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Open Access Vigilantes, Witches and Vampires: How Moral Populism Shapes Social Accountability in Northern Uganda

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Vigilantes, Witches and Vampires: How Moral Populism Shapes Social Accountability in Northern Uganda

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Strange murders have occurred in northern Uganda. Blood is said to have been removed from the victims, and there are tales about child sacrifice and terrifying witchcraft. An ‘election’ was organised to select the culprit, known as ‘Mr Red’, and vigilante mobs have destroyed his property. This article places these events in context, and shows how understandings of the spirit world, religion, and wealth accumulation relate to local notions about egregious acts. No conventional evidence has been found to show that the man accused is responsible for any crimes, but he has been imprisoned, and has had threats on his life. The case illustrates widespread phenomena, which are too often ignored, and draws attention to the ways in which local elites draw on strategies of moral populism to establish and maintain their public authority.

Affiliations: 1: Professor, London School of Economics, London, UK, t.allen@lse.ac.uk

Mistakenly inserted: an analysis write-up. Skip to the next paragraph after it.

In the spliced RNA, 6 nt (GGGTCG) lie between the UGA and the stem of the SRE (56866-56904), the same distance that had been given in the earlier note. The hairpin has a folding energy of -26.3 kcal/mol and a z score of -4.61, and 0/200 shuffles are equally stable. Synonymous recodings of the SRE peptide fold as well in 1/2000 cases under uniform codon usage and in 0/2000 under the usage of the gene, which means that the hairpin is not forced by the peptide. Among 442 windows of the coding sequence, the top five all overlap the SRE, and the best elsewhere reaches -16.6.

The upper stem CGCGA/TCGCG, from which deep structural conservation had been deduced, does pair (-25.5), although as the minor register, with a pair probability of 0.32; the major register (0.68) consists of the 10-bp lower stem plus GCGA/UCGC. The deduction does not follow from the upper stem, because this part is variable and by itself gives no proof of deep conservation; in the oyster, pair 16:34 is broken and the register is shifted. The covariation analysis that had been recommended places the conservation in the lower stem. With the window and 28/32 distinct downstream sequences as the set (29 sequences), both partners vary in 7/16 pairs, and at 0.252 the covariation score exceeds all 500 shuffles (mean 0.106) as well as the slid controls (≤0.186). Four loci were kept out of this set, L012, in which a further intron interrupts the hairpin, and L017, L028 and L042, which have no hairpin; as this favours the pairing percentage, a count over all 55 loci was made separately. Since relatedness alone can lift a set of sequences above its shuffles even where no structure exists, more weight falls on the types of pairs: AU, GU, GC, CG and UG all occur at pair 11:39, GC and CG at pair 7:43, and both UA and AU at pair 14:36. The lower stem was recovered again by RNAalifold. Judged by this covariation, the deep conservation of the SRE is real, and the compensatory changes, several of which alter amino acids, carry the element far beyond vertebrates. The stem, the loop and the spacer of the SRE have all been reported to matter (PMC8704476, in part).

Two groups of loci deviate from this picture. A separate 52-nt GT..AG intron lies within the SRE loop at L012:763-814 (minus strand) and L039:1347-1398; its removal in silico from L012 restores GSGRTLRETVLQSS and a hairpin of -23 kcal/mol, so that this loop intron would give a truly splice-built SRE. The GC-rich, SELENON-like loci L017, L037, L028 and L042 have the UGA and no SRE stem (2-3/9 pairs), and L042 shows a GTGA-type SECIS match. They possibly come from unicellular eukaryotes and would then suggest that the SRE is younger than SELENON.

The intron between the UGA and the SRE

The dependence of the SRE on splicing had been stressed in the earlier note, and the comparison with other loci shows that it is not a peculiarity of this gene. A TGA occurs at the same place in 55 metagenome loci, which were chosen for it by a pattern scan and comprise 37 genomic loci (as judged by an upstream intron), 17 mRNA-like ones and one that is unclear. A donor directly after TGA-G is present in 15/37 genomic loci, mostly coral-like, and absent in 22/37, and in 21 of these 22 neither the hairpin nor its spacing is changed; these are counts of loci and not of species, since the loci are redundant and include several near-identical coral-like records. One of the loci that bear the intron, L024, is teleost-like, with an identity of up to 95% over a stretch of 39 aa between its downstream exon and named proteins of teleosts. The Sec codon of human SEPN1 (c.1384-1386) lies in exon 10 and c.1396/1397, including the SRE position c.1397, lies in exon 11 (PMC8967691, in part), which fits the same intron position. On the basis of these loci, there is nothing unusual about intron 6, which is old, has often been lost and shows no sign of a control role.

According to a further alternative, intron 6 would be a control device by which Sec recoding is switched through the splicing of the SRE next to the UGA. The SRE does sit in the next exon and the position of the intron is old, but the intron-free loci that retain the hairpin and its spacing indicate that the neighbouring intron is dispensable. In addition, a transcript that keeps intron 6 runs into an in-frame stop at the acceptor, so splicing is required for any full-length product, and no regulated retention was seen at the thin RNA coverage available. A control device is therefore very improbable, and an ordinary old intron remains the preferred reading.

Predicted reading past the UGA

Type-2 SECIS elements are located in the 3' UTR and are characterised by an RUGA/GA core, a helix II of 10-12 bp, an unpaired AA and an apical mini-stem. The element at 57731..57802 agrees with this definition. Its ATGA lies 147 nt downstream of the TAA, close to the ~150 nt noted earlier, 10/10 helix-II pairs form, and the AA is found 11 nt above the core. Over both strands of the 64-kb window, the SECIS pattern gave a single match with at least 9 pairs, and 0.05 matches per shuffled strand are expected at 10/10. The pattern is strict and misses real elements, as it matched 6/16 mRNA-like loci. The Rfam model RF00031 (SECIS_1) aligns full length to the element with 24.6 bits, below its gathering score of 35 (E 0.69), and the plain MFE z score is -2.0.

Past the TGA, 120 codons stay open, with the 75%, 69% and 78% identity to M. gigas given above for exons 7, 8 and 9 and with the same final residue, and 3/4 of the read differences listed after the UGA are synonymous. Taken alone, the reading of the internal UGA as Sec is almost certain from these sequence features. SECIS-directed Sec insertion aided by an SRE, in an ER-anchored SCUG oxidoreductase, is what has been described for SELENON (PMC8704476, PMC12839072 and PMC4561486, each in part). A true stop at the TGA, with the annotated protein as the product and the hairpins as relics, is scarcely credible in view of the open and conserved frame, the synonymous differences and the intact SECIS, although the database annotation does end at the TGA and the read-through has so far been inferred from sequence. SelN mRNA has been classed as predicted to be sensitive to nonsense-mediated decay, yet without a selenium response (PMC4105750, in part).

10.1163/15718115-02203004
/content/journals/10.1163/15718115-02203004
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Strange murders have occurred in northern Uganda. Blood is said to have been removed from the victims, and there are tales about child sacrifice and terrifying witchcraft. An ‘election’ was organised to select the culprit, known as ‘Mr Red’, and vigilante mobs have destroyed his property. This article places these events in context, and shows how understandings of the spirit world, religion, and wealth accumulation relate to local notions about egregious acts. No conventional evidence has been found to show that the man accused is responsible for any crimes, but he has been imprisoned, and has had threats on his life. The case illustrates widespread phenomena, which are too often ignored, and draws attention to the ways in which local elites draw on strategies of moral populism to establish and maintain their public authority.

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/content/journals/10.1163/15718115-02203004
2015-07-17
2017-11-18

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